Wednesday, May 25, 2016

Seeking Economy, Playing it Safe: Why I fuel up more often than most GA pilots

After 31 years as a flight instructor and considerably longer as a certified pilot, I’ve seen my fair share of accidents and incidents caused by aircraft running perilously low on fuel. In the latest data (2012) listed on the website out of 988 general aviation accidents (personal flight), some 50 were attributed to fuel (or lack thereof). It is impossible to tell how many out-of-fuel incidents actually happened that year, or any year, in general aviation, because most pilots who get away with landing the airplane on an airfield after losing power never mention it to the FAA. (Would you?) The good news is that the graph lists no fatalities attributed to such accidents in 2012; but going back a decade from there not all pilots were so lucky.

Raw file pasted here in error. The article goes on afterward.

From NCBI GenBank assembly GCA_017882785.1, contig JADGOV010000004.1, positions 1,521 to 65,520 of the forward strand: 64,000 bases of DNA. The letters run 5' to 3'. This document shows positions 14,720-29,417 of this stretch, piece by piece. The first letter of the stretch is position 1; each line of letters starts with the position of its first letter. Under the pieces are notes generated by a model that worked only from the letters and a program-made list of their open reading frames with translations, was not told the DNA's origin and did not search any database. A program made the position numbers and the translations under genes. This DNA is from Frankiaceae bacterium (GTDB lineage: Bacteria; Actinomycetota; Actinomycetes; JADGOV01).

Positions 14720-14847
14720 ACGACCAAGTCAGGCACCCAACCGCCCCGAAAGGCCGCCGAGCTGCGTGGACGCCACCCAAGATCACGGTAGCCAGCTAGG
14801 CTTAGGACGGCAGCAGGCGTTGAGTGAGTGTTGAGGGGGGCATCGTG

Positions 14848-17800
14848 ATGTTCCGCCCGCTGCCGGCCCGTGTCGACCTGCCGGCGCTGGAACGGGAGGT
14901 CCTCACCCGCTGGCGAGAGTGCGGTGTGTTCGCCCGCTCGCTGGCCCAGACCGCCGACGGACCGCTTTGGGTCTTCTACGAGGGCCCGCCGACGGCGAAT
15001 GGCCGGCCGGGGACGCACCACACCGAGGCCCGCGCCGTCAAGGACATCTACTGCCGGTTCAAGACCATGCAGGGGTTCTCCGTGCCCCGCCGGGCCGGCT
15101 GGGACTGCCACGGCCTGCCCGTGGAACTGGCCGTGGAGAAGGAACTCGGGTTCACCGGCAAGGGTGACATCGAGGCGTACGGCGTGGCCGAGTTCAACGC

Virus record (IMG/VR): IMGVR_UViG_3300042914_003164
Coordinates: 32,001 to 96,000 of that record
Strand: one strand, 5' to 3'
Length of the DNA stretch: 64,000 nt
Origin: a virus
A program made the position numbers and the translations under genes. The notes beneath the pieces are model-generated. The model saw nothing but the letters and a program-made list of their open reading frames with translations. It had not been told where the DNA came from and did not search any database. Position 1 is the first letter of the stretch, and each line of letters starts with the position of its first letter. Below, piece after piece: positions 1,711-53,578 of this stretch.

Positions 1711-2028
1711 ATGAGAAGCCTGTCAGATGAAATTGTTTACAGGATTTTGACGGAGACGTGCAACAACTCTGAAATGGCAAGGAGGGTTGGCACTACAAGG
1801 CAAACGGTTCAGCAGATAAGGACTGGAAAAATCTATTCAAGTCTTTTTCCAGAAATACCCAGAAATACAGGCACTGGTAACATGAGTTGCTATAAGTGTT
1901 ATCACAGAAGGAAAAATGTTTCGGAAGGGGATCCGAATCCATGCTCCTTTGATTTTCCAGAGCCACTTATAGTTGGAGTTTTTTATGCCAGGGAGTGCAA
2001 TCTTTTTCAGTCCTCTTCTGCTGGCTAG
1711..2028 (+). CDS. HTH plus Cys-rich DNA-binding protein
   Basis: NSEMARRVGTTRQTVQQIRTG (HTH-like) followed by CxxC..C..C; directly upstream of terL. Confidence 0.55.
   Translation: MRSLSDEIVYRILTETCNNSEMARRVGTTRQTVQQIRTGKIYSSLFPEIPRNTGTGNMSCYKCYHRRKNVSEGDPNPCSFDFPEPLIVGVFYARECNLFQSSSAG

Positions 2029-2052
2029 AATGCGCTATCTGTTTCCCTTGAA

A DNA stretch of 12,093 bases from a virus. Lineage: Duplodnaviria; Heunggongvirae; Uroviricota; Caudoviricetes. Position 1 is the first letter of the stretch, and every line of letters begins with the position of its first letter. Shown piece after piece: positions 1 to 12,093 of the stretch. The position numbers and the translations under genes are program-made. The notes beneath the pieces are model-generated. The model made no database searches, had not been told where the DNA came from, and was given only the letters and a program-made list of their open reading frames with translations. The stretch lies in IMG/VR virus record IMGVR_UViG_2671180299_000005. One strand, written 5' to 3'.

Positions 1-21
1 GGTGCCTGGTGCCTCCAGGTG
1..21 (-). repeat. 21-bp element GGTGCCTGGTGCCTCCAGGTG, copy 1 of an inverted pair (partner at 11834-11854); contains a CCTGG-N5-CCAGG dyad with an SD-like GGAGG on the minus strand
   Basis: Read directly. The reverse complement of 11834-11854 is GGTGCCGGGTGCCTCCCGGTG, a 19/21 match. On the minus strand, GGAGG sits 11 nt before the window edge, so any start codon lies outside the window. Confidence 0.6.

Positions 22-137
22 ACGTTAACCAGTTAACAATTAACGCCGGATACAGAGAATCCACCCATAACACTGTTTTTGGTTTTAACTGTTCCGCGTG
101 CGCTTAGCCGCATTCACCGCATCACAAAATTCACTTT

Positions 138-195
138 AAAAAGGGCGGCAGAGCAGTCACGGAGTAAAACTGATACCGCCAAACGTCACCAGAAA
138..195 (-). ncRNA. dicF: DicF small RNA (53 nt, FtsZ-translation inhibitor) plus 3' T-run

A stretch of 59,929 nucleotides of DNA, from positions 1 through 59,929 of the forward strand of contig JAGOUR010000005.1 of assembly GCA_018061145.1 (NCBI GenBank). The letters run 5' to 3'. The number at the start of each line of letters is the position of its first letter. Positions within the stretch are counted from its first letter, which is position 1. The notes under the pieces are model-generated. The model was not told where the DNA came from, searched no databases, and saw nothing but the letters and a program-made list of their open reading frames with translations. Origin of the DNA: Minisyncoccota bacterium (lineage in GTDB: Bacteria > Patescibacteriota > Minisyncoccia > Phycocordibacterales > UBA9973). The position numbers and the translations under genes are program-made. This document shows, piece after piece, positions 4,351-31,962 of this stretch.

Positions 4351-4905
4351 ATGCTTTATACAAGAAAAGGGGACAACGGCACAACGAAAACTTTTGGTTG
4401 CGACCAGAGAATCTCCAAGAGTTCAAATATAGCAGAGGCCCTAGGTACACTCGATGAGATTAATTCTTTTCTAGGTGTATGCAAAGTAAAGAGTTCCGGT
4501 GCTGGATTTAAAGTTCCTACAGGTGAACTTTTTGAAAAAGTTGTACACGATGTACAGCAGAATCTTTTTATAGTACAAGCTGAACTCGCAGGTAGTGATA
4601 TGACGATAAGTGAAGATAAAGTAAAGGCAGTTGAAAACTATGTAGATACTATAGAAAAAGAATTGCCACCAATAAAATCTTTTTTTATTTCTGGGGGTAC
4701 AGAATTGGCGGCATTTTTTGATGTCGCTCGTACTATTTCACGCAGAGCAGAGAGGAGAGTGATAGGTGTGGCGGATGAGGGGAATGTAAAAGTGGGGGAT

Read the rest of this blog entry at AOPA's Opinion Leader's Blog here.

Tuesday, May 24, 2016

Solar Impulse Flies, and Electric Sees its Day in the Sun Coming

Whenever you see the term proof-of-concept in front of an aircraft designation you need to think:
extremely experimental, might never come to fruition, and of course, probably going to break. The two pilot-geniuses behind the Swiss Solar Impulse perpetual motion flying machine (I say that because frankly, it never has to stop flying), Bertrand Piccard and André Borschberg, have been holed up in Hawaii for months now with their proof-of-concept Solar Impulse airplane because they broke it on the five-day non-stop flight across the Pacific from Nagoya, Japan, to Hawaii. That put their proof-of-concept flight around the globe on perpetual hold. New batteries had to be manufactured for the aircraft and the battery cooling system, which was determined to be inadequate for such a long flight, had to be completely redesigned and manufactured, as well.

Read the rest of this blog entry at AOPA's Opinion Leader's Blog here.